• specific standards for employees, officers and directors to follow in their business with respect to bribery, fraud, collusion and any other criminal or unethical act;
  • a policy under which the contractor would dismiss any employee, officer, or director who was convicted under state or criminal law for business-related activities, or, absent a conviction, to diligently investigate any charges against any employee, officer or director where they bear upon the business integrity of the contractor;
  • a policy barring the contractor from engaging any member or associate of an organized crime group as an owner, officer, director, or employee; and
  • a requirement that the contractor’s owners, employees, officers and directors report to the IPSIG and the City any illegal or unethical conduct  with respect to any city contracts.


The IPSIG in addition was given wide investigative authority. It could monitor and investigate any actions, conduct, operations, or omissions of the contractor, or any of its officers, directors, principals, employees, or affiliated companies or entities, that, in the judgment of the IPSIG or the City, related to vendor responsibility. The contractor, to assist the IPSIG’s work, was required to provide access to all books, files, accounts, computer records and correspondence.  The contractor also authorized the IPSIG to report immediately to the City and to appropriate law enforcement authorities, without notice or disclosure to the contractor, any suspected or actual criminal activity, unethical or irregular business activity on the part of the company, its employees, officers, directors, subcontractors, suppliers and vendors, or labor officials.

By entering into the monitoring agreement, the City was able to reinstate a substantial construction company that was highly regarded for the quality of its work and for its low bids. The City also ensured the continued existence of a competitive bidding environment by permitting a competent contractor to remain an eligible bidder.

Another early adapter was the School Construction Authority.  In the late 1990’s the SCA used an IPSIG with a major construction company which had submitted the lowest bid in a large school construction project.  Disqualifying the firm would have compelled the SCA to pay more to the next highest bidder, create layoffs, and limit the number of large firms bidding on other school projects.  The SCA and the contractor agreed that the IPSIG would work with management to develop a code of business conduct, perform compliance audits, design and implement internal controls to prevent fraud, waste and abuse, and establish an integrity hot line available to employees to report illegal behavior of the company anonymously.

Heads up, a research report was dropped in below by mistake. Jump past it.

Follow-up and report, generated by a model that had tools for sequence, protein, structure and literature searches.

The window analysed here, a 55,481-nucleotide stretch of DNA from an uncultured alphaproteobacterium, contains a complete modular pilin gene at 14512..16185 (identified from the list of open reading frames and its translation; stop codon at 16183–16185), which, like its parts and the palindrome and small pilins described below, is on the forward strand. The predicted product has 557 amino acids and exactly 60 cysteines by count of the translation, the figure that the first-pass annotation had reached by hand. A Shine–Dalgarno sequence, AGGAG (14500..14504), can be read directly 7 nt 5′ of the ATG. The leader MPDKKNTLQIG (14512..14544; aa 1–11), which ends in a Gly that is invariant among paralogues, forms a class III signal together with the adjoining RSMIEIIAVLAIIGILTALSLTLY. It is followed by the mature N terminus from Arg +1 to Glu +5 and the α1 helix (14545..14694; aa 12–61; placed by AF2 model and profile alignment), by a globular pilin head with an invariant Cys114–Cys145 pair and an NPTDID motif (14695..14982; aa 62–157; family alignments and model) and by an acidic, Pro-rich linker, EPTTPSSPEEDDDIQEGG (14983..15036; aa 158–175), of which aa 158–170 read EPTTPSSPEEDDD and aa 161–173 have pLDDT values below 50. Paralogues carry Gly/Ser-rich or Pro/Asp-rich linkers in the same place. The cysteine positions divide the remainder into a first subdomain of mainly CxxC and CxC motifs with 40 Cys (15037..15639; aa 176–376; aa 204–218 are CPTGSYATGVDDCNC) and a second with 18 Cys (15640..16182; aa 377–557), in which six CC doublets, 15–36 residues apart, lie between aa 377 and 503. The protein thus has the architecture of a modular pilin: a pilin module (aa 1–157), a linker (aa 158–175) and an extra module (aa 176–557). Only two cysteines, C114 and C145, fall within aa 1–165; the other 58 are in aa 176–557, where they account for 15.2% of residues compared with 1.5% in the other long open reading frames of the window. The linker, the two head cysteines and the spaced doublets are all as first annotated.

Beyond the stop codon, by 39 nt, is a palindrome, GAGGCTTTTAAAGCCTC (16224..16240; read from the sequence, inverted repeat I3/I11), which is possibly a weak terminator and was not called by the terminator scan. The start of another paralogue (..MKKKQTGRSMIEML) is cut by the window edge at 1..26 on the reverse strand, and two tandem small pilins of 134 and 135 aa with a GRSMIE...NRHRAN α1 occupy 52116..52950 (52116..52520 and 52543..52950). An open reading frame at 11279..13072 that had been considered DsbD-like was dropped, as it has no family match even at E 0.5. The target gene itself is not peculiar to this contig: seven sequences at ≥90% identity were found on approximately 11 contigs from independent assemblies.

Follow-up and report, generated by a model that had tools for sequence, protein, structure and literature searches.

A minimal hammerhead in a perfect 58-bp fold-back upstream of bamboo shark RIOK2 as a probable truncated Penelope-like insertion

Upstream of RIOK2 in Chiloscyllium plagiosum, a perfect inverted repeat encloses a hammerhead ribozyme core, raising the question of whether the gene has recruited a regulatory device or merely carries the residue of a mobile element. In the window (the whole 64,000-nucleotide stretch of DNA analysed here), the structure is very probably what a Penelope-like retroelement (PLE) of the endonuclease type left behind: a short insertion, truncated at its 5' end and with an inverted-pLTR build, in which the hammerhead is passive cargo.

IPSIG’s have been used in a variety of situations to allow vendors to continue doing business with the City.  Monitors have been used in the City’s Build it Back program after Superstorm Sandy to monitor the contractors’ billing of work which was billed on a time and material basis.  The Department of Education has utilized IPSIGs for several bus contractors, while the City has used IPSIGs when contractors failed to comply with contractual requirements to hire minority- or women-owned businesses.

IPSIG’s can be used to prevent fraud even in the absence of previous wrongdoing.   This potentially saves the government money and helps assure public confidence that government efficiently provides services and improves infrastructure.  During the 9/11 World Trade Center clean-up, Mayor Rudolph W. Giuliani, upon the advice of the City’s Department of Investigation, appointed individual integrity monitors to oversee the work of the four construction management companies which were supervising the debris removal effort.  The contractors were Bovis Lend Lease, AMEC Construction Management, Turner Construction and Tully Construction.  The monitors appointed were Thacher Associates, Steir, Anderson & Malone, Decision Strategies/Fairfax International and Getnick & Getnick. Because this construction work was billed on a time and materials basis, there existed a risk of costly abuse and fraud.  The four integrity monitors each operated like an IPSIG, utilizing legal, investigative, auditing, and loss prevention skills.  The appointment of the integrity monitors to oversee the World Trade Center clean-up project resulted in cost savings and the prevention of criminal conduct at the site.

The judiciary has acknowledged the role of IPSIGs. In New York Shipping Assn., Inc. v. Waterfront Commission of New York Harbor, 460 Fed. Appx. 187 (3rd Cir. 2012), the Court (in a non-precedential opinion) permitted the Waterfront Commission of New York Harbor to develop a list of qualified IPSIG’s to provide monitoring services for specified stevedoring companies.  The Commission described the duties of the IPSIG as follows: